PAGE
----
Interim City Manager Gregory Wellman has made no secret that the City of Oakdale has money problems and cites a lack of financial oversight and historically poor business habits as the cause.
In a recently released prepared statement, Wellman informed the city council that “reviews have uncovered significant financial missteps, lack of managerial control and accountability, and in some cases a lack of sound business practices.”
Wellman stated he was not trying to place blame or “point fingers” at anyone or any past council but was trying to get the message out of the current and historic city finances.
To assist in his research, Wellman recruited the help of retired Merced County CEO Demetrios “Dee” Tatum and former Atwater Assistant City Manager Stan Feathers at $74 per hour each.
In his address to the city Wellman identified a list of issues he found the “most troublesome.”
$4.3 Million Bond Depleted
In April 2005, the City of Oakdale set a bond for the financing of the South Willowood Drive fire station. As a result of poor financial planning, the city has been borrowing from other city accounts to pay off the more than $4.3 million in debt it issued and does not have in reserves what is required by law.
“Technically we’re in violation of bond covenant due to financial stability,” said Wellman. “We don’t have reserve levels for bond payment.”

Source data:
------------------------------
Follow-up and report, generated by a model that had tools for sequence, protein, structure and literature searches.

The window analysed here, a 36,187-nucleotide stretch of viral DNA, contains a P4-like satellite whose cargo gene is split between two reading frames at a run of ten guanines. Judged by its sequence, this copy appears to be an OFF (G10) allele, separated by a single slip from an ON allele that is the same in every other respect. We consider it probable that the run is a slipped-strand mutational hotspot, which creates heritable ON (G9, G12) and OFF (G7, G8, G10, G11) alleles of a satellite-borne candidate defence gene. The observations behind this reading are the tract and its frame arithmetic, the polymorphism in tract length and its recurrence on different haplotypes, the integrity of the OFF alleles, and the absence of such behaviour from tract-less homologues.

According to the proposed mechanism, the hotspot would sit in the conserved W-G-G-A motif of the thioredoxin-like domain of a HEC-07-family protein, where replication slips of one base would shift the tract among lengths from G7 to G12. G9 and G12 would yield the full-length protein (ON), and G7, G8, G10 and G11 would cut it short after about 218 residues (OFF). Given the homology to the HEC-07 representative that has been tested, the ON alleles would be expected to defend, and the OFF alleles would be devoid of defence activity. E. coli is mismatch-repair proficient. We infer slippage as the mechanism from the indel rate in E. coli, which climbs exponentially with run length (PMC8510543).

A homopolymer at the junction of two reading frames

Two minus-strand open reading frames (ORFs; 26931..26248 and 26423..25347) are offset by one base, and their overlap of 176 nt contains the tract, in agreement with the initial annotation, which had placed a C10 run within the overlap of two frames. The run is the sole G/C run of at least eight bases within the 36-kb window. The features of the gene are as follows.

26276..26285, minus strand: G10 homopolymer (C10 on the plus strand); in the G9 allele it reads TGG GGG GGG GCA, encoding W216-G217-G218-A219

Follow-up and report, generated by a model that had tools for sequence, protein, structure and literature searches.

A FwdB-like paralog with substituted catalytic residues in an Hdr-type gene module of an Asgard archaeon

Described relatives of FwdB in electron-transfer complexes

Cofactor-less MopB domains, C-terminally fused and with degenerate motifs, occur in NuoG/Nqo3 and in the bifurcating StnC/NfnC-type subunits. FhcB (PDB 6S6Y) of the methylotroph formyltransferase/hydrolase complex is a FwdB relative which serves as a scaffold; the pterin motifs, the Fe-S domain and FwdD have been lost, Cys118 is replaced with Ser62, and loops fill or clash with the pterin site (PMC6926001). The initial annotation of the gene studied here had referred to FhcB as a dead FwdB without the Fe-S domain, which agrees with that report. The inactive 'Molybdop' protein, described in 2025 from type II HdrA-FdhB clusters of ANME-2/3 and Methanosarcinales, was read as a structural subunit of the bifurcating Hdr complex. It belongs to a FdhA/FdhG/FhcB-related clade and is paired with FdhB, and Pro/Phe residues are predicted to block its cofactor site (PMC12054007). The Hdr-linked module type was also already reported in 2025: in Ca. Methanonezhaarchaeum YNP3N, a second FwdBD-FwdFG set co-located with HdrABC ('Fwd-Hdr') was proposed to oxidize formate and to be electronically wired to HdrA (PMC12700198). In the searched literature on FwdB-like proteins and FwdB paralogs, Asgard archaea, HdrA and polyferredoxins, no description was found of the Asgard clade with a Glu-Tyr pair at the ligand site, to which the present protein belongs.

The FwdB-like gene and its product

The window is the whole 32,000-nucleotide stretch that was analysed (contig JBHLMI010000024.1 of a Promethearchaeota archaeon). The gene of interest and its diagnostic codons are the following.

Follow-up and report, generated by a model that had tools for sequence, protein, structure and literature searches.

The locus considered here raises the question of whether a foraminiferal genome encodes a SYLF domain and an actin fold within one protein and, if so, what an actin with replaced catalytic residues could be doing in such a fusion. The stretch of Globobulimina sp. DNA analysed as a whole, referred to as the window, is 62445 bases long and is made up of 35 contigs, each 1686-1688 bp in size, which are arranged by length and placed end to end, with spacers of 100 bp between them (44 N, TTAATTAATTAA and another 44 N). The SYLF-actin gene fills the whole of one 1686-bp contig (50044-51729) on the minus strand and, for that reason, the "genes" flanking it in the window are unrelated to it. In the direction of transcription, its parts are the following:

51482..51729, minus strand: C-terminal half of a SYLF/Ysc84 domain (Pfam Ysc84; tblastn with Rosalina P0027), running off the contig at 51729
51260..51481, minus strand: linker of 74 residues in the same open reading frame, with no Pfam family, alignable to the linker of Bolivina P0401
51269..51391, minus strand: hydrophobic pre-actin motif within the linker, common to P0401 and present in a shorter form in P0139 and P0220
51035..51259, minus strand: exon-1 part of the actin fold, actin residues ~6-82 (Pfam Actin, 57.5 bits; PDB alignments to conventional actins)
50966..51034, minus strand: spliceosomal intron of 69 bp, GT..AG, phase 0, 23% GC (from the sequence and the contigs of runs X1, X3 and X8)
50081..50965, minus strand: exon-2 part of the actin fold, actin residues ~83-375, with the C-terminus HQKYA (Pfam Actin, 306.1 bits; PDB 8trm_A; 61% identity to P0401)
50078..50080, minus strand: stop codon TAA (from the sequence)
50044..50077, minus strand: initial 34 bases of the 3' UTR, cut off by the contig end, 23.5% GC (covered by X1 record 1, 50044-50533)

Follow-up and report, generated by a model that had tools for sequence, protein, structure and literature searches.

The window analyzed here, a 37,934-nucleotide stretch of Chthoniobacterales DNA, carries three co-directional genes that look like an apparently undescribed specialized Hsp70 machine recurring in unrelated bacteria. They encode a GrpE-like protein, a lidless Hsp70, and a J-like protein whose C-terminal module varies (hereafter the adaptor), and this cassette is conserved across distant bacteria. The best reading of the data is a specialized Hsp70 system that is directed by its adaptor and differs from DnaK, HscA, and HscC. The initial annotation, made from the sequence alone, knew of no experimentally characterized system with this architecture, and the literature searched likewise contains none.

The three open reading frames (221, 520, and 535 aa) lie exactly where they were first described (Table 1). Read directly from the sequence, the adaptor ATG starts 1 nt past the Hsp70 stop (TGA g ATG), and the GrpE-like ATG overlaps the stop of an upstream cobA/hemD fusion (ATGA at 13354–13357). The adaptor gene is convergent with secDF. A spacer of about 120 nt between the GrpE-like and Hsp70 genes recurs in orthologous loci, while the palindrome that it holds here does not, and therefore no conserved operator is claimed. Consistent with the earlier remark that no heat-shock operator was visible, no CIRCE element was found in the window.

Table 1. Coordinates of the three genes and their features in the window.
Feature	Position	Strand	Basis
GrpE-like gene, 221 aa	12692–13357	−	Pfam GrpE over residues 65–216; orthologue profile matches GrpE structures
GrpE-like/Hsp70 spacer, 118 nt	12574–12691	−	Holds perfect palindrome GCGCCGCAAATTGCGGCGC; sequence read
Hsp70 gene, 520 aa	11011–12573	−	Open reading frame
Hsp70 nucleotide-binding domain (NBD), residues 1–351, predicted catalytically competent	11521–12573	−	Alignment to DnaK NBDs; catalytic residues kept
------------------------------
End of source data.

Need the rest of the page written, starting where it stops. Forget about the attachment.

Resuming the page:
The bond payment funds were intended to come from the fire services community facility fee account, however that account is exhausted.
Mayor Pat Paul expressed great concern about the shortage.
“It looks like the money went elsewhere,” said Paul. “We’re now going to have to pay out $180,000 every year out of the General Fund. That’s not right.”
Sewer Fund Shortfall
To upgrade its Waste Water Treatment Plant, the city borrowed over $12 million in 2009 with intentions of repaying the loan through rate increases. Those increases have not covered the debt, which now requires its first loan payment of $855,000 this July.
Wellman estimated the shortfall of the sewer fund to be between $700,000 and $1 million.
“A multitude of factors are being checked out,” said Wellman. “We’re going to refine that number.”
Wellman revealed that a variety of causes went into the deficit including past city officials ignoring warning signs and questionable finance procedures.
Various sources within the city disclosed that 40 percent of the previous city manager’s salary and 40 percent of the city attorney’s salary were being drawn from the sewer fund despite realistically only devoting 3 to 5 percent of their time on those issues.
“It’s wrong and should never have happened,” said Wellman confirming the allegation. “It’s contrary to good business practices and needs to stop.”
Wellman pointed out that those salary costs can be legitimately spread across various city accounts and would have been in the best interest of the city to follow that pattern.
“I have no explanation for why it was done that way,” said Wellman.
Lack Of An Accurate CAFR Report